The public keys are those things which start STM.... The beauty of this system is that if you hold the Private Key, you can publicly "sign" a message which proves you have the Private Key to match any of those Public Keys.

Nobody else can do that and you don't need to actually show anyone the Private Key.

Private Key Store APP (PKSA)

Except that signing something with you Private Key is a semi complex cryptographic challenge which only a computer can really do for you. This is a snippet of code as an example:

image.png

For example, the ECC in "ecc.Signature" stands for Elliptic-curve cryptography which is the underlying system a lot of this is based on.

If you ever wondered what Hive Keychain is actually doing in your broswer, that fragment of code is the kind of thing which happens when you click yes on a pop up to do something.

The point here is that you aren't sending a key, you're just proving that you have the private key to match the same public key which anyone can see is recorded in your Hive profile.

Hive Keychain and Hivesigner or PeakLock are all PKSAs - Private Key Store Apps. You have to trust your private keys to those services and they shouldn't let your keys out. Only sending signatures back to services that need to know you are you.

Side note: delegated authority

You can see in my list above that my Posting section is big: each of the names in that section have been given Posting Authority by me. If one of those account signs a transaction from me but with their posting key, not mine, it will be accepted as coming from me.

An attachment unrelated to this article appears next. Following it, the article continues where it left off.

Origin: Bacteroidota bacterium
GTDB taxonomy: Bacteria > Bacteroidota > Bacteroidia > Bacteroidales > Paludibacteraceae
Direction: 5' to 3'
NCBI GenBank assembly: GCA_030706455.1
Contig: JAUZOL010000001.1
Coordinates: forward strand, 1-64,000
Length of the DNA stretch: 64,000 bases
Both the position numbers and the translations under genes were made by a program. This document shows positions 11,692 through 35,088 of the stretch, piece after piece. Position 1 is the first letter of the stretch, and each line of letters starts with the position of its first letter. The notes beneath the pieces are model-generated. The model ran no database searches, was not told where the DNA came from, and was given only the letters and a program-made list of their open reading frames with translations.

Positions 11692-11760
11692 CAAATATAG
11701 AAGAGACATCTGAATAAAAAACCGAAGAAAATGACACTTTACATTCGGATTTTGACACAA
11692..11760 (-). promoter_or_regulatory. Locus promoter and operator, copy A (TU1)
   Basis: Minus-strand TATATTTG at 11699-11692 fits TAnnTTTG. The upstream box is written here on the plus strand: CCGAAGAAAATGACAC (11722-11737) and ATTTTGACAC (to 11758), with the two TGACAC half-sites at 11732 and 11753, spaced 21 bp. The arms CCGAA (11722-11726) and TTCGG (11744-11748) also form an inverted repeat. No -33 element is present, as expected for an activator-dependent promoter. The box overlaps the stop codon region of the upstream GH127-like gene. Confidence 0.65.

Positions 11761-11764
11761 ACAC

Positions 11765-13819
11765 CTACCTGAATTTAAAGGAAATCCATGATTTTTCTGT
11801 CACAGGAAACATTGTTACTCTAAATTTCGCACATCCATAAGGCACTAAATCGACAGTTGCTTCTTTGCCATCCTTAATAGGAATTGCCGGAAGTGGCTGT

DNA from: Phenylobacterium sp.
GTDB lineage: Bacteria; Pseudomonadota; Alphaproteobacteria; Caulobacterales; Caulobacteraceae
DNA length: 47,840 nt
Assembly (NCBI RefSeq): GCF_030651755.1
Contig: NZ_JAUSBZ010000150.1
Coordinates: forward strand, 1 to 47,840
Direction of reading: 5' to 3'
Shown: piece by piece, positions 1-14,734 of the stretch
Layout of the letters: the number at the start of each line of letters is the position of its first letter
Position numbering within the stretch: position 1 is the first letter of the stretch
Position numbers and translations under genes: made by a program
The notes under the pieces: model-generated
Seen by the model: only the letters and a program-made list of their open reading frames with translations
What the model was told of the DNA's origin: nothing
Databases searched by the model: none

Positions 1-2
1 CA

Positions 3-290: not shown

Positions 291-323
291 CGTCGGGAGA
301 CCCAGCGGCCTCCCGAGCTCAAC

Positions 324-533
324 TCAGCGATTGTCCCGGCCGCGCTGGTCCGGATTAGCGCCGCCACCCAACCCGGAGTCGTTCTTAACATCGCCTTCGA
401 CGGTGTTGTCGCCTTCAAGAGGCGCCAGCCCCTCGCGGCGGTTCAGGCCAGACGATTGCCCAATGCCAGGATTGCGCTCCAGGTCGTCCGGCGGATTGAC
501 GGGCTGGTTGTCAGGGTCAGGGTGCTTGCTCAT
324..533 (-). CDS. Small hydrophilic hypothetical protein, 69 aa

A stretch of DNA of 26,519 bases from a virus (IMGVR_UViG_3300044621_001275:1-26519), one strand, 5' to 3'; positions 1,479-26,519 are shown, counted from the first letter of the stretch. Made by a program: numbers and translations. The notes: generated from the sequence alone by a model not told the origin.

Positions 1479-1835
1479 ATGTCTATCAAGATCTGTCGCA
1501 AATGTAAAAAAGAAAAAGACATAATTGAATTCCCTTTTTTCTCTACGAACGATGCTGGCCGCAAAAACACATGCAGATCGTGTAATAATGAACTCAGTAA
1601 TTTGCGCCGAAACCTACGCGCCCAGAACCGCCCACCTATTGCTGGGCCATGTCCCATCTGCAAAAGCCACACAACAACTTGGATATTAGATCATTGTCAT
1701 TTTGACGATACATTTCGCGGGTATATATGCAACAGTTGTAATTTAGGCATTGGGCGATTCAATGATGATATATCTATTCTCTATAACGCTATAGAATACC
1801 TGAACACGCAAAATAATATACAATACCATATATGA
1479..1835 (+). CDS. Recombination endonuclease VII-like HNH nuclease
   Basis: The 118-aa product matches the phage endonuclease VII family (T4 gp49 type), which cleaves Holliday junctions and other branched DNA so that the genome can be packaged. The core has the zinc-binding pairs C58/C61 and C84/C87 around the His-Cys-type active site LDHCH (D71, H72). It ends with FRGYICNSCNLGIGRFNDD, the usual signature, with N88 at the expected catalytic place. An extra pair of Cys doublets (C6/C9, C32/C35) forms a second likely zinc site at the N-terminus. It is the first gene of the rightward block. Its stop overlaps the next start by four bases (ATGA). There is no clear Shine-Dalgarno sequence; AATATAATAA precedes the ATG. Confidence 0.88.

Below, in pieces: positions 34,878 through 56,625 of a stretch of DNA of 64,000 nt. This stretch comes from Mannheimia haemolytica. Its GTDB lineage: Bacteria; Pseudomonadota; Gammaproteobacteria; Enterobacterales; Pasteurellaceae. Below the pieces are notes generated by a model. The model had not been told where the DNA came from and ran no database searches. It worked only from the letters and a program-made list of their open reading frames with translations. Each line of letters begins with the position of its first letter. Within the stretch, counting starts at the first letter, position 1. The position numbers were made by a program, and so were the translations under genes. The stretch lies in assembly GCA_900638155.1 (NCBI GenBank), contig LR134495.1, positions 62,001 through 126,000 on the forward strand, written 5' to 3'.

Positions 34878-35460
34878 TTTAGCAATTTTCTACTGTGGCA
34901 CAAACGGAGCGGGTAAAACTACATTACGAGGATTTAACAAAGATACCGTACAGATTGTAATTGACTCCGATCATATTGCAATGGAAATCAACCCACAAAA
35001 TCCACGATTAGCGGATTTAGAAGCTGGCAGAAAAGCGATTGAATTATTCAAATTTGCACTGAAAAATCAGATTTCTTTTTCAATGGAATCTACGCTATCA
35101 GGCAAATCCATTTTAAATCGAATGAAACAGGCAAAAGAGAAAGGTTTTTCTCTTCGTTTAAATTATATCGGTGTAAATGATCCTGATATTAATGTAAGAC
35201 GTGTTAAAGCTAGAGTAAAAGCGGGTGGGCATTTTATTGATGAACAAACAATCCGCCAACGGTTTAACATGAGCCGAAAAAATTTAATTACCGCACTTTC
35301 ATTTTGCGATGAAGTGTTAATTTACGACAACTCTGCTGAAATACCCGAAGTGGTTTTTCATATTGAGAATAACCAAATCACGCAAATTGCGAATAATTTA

Making HAS work in Python

I started out with the idea that I would like to have a Python only based website, probably using the framework Flask. A long time ago when I was learning to code again, I managed to integrate Hive Keychain sign in with Flask and that work is here:

Python Flask Hive Keychain Demo

In reality, most of the hard work is done on the web page by Javascript code written by the Hive Keychain team.

Once I actually started to implement HAS (and you can see the first failed attempt here) I realised this was a slightly bigger thing to implement than I thought.

The reality is, just like authenticating with Hive Keychain, using HAS on a website, is probably better done using the Javascript which @arcange supplies on his site.